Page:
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Old 02-05-2008, 04:42 PM   #31 (permalink)
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Thanks, Matt. Good post. I can't remember my college phsyics, and my text books were ruined by a leaky roof ; How does area affect friction *after* the tires are skidding?

I've been following this thread closely, and I've got to throw my two cents in because I've held a strong opinion about tire width for a long time, anyway. IMO, wide, low-profile tires are a fad, with no benefits except under the extremes of racing. I first noted them showing up on high-end sports cars and G machines (muscle cars with beefed up suspensions and tires designed for extreme cornering. ie, trying to pull one G on the skid pad). Then on higher end vehicles. And now they have filtered down to OE on nearly every model except the low end economy autos. Whether for perceived traction increases, a pricey look, a sporty look, or just plain better looks, people like them and they're everywhere now.

As fas as safety goes, my experience is that, as Matt pointed out, increasing the patch area distributes the weight over a larger area, reducing the force per area unit (psi, kg/cm2, <your units here>). While a large sticky patch may be desirable for racing and AndrewJ's high-speed turns under, as diesel_john called it, "ideal conditions", my goal is to get more force between my tire and the pavement for those less-than-ideal conditions. Rain, snow, and mud to be specific. THAT'S when I need traction, not on dry pavement, and a narrow tire gives it to me. Hydroplaning avoidance has already been mentioned, but I also get much better traction in snow with narrow tires.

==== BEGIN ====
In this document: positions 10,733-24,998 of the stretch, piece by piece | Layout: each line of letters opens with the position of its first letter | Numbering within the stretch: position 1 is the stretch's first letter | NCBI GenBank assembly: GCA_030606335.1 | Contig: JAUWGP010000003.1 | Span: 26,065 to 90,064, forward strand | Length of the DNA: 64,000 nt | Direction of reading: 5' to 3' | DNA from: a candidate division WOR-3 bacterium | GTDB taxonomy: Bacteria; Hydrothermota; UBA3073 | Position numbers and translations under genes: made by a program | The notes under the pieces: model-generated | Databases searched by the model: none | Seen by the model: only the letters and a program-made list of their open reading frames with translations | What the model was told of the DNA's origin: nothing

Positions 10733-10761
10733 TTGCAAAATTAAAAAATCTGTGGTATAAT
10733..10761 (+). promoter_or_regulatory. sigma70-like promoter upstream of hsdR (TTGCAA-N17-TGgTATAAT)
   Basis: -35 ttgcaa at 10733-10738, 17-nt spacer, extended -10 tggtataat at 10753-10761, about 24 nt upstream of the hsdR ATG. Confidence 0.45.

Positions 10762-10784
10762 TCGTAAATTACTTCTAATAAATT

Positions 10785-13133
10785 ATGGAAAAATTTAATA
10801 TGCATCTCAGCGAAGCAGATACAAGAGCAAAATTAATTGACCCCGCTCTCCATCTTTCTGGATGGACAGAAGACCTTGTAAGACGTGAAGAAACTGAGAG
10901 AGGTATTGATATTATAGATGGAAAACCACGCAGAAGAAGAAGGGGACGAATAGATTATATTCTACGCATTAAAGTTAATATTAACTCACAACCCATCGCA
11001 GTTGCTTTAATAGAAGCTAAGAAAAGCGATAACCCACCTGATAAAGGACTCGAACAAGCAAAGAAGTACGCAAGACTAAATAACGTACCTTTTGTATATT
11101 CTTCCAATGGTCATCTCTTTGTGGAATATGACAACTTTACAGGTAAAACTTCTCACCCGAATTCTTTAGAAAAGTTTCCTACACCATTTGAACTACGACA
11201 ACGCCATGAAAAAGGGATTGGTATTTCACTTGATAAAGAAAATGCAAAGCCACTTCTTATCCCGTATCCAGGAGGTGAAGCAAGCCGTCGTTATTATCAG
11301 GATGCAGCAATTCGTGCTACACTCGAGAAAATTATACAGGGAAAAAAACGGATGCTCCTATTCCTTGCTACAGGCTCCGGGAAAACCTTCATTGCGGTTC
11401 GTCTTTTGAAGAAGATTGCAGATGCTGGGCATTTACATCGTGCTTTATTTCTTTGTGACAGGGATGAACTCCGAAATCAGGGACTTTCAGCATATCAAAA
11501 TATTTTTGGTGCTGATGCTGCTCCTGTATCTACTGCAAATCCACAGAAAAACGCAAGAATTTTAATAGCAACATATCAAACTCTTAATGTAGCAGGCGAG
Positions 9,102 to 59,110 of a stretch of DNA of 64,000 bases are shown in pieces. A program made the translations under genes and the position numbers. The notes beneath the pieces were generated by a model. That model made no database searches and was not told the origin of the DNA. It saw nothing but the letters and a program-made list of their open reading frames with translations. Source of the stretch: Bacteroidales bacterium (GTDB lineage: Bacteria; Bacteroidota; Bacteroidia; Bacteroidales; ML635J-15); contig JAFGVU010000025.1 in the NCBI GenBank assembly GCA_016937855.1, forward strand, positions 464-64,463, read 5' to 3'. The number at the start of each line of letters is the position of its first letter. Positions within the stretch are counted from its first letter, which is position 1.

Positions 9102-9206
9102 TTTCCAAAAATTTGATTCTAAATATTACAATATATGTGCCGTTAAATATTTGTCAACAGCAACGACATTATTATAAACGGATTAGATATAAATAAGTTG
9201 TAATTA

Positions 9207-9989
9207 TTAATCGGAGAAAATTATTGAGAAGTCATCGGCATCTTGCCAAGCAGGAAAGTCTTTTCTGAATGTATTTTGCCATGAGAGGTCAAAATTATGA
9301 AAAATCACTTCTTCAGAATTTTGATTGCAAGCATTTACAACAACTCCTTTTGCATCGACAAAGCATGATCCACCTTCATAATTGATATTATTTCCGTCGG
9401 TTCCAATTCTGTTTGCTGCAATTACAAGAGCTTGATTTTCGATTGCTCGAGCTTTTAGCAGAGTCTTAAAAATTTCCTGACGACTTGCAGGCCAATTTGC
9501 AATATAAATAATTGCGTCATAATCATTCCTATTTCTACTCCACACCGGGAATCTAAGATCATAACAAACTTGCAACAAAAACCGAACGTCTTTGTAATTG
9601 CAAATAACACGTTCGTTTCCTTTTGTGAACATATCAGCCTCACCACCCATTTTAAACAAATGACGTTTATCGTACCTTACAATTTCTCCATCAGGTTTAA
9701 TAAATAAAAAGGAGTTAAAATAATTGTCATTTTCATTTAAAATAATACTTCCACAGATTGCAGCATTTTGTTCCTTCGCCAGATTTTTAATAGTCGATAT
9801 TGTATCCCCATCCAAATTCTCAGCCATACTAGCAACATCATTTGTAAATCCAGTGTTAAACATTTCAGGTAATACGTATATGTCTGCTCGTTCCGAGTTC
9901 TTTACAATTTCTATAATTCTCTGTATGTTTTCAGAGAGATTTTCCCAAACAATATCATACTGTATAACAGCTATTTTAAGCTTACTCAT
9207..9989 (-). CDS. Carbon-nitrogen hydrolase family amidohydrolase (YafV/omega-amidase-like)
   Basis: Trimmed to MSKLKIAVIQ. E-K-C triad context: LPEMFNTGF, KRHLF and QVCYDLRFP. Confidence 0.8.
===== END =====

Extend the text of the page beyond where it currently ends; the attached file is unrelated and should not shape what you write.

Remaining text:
I have to agree with diesel_john on both of his posts: Some of our practices are not safe. But for normal-driving safety, I believe skinny tires are the way to go. (and the narrow tires' reduced price and increased in FE of are icing on the cake )

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Old 02-05-2008, 05:05 PM   #32 (permalink)
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My personal opinion on this is that, yes, there is a point where certain aspects of ecomodding can become more dangerous then it is worth it, however, if common sense is used while doing the modifications, proper automobile safety can be retained.

On the note of higher tire pressure. Tires are rated for a particular pressure, car manufacturers recommend a pressure that is usually lower then this. The reason for that is to make sure that when you drive and heat the tires up, that the pressure does not exceed the tire's maximum...IE some drivers are less aware of what actually happens to a car when they are driving it so most people would not figure out that they need to inflate at a lower pressure then is on the tire, so the manufacturer of the car tells them. What I do is I inflate the tires pound by pound, at least initially. I will put them say, 4 pounds higher then the car company specifies and then drive and test the pressure after they have warmed up, if it is still below the maximum for the tire, I increase a few pound and repeat. I do this until the pressure just a few pounds, maybe 2 or 3 to give it a little room for extra heat, and I let the tires cool down, then I note what the cold pressure is so I know what to fill it to the next time I have to fill a flat. That is perfectly safe to do as it is within the tested boundaries of the tire's capability.

Doing a side mirror delete can be hazardous in some cases. Many cars have many blind spots as it is with their mirrors factory installed, so those cars would probably not be wise candidates for a side mirror delete modification. However, if done properly and not rushed a side mirror delete can be done such that the amount of gained blind spot is minimized to a very safe level.
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Old 02-05-2008, 07:35 PM   #33 (permalink)
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Quote:
Originally Posted by NoCO2 View Post